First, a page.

Book cover of The Midnight Press: And other Oxford Stories

Sylvia Vetta Author Of Sculpting the Elephant

From my list on Oxford and where town meets gown.

Why am I passionate about this?

I was a freelance writer for The Oxford Times for 20 years when it was well respected. For ten of those years, I wrote the Oxford Castaway series in which I cast away inspirational people from 5 continents whose lives have been affected by their time in the city. Even Lord Chris Pattern of Barnes – the Chancellor of Oxford University and former Governor of Hong Kong let me cast him away on Oxtopia! Oxford is still divided between Town and Gown but I stride the two and my husband was an academic at that other Oxford University: Oxford Brookes.

Sylvia's book list on Oxford and where town meets gown

Sylvia Vetta Why did Sylvia love this book?

For me, Oxford is the Hollywood of stories and indeed it is now home to The Story Museum. One of the stars of Oxford storytelling was Colin Dexter, whose Inspector Morse novels have spawned three TV series. He was the patron of the Oxford Writers Group and recommended this anthology. It includes stories from Town, Gown, and County so it is a good holiday read while in Oxford or dreaming of the city.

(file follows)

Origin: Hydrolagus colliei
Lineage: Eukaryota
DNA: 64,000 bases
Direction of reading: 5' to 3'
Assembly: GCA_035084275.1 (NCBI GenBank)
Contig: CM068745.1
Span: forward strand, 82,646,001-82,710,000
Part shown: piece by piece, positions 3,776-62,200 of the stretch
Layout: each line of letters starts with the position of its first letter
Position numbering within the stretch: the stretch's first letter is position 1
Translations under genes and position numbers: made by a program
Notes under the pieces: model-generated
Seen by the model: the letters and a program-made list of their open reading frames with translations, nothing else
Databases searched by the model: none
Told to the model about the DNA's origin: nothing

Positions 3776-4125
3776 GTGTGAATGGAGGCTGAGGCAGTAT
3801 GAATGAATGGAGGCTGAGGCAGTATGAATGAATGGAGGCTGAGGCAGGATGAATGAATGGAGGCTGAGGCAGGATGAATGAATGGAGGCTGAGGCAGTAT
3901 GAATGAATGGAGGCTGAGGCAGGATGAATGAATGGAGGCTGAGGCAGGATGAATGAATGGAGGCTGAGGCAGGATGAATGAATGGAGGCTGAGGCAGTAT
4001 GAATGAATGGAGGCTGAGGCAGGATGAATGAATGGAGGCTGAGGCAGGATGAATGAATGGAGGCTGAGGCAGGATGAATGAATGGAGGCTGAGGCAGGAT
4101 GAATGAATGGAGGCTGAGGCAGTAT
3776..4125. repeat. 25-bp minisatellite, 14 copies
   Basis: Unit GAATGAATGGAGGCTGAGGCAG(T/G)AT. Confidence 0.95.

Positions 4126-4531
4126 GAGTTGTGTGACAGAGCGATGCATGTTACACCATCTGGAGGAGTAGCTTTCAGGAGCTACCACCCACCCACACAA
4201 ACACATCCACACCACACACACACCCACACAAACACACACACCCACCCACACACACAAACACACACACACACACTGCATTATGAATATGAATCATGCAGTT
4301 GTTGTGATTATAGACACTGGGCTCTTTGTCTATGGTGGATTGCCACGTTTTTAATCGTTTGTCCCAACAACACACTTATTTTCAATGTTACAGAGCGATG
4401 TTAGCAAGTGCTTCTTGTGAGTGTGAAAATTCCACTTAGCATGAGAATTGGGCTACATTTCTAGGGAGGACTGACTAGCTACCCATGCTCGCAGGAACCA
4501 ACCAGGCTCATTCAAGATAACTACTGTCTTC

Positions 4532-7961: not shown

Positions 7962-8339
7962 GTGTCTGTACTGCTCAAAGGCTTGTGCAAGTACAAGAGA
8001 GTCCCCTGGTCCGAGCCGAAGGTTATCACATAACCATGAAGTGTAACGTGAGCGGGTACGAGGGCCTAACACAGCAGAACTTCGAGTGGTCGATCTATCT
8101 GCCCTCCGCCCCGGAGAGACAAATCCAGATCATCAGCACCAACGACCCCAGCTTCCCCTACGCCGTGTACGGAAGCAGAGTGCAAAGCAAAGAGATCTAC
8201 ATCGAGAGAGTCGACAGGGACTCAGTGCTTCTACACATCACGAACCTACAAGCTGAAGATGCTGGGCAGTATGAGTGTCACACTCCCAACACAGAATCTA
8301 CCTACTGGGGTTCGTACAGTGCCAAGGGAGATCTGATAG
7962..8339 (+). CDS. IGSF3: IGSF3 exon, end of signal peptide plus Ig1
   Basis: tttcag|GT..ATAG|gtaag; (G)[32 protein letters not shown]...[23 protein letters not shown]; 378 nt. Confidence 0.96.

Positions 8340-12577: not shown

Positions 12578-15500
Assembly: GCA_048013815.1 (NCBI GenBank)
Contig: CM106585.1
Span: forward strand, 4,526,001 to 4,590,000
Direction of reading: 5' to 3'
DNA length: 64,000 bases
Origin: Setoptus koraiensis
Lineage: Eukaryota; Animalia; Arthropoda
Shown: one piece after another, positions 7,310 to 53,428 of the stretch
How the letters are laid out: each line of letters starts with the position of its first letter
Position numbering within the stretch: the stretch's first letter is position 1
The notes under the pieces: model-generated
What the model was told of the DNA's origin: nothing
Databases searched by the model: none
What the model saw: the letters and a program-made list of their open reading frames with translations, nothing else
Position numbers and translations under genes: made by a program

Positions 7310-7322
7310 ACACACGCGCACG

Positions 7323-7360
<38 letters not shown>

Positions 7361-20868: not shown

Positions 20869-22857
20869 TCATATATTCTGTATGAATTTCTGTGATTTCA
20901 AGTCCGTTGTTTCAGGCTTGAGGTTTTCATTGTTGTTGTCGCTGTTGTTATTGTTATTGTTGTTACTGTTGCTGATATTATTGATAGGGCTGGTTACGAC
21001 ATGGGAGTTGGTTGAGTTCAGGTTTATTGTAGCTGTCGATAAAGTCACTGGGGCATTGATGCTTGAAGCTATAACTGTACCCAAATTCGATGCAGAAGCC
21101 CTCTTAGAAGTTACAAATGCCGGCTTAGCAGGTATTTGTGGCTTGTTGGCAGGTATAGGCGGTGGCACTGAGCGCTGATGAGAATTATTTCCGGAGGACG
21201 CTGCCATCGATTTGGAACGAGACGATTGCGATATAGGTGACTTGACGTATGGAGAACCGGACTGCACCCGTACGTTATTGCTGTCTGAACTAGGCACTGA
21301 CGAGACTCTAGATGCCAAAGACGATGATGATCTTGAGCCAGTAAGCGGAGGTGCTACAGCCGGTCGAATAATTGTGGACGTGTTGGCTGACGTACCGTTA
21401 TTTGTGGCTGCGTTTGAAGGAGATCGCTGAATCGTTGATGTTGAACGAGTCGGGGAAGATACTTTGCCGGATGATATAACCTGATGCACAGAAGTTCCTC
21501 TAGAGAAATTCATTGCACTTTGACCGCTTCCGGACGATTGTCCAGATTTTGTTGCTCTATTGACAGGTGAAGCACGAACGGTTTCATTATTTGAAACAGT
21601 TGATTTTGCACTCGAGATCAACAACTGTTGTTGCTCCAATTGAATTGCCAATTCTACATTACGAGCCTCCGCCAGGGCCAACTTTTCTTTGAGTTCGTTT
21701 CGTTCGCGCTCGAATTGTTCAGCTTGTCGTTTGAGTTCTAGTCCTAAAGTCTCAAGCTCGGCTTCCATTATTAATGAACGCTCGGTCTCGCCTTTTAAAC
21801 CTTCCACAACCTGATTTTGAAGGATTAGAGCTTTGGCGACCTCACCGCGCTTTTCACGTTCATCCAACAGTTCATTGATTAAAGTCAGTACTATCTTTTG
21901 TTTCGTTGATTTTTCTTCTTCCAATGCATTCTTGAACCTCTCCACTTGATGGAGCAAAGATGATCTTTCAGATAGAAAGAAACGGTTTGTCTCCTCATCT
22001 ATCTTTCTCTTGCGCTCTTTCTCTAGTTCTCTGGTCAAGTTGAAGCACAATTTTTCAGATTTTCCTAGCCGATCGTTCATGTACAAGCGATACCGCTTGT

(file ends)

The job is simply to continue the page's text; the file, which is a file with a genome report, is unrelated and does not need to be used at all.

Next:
By Oxpens Writer's Group,

Why should I read it?

1 author picked The Midnight Press as one of their favorite books, and they share why you should read it.

What is this book about?

A fourth collection of tales from the OxPens writers with intrigues set in Oxford coffee shops, colleges, the old Jewish Quarter and at Henley Regatta. Experience the escape from the castle, strange happenings on Platform 3 and discover who the chocolate people were.


Book cover of The Death of Woman Wang

Henrietta Harrison Author Of The Perils of Interpreting: The Extraordinary Lives of Two Translators between Qing China and the British Empire

From my list on Qing Dynasty China from an Oxford historian.

Why am I passionate about this?

I’m a historian of modern China in the department of Chinese at the University of Oxford. I started off working on the twentieth century but have been drawn back into the Qing dynasty. It’s such an interesting and important period and one that British students often don’t know much about! 

Henrietta's book list on Qing Dynasty China from an Oxford historian

Henrietta Harrison Why did Henrietta love this book?

This short classic was one of the first books I read when I began studying China, and that drew me into the subject of rural life.

The story of the death of Woman Wang (nothing more is known of her name) is gripping and tragic, and it is beautifully written.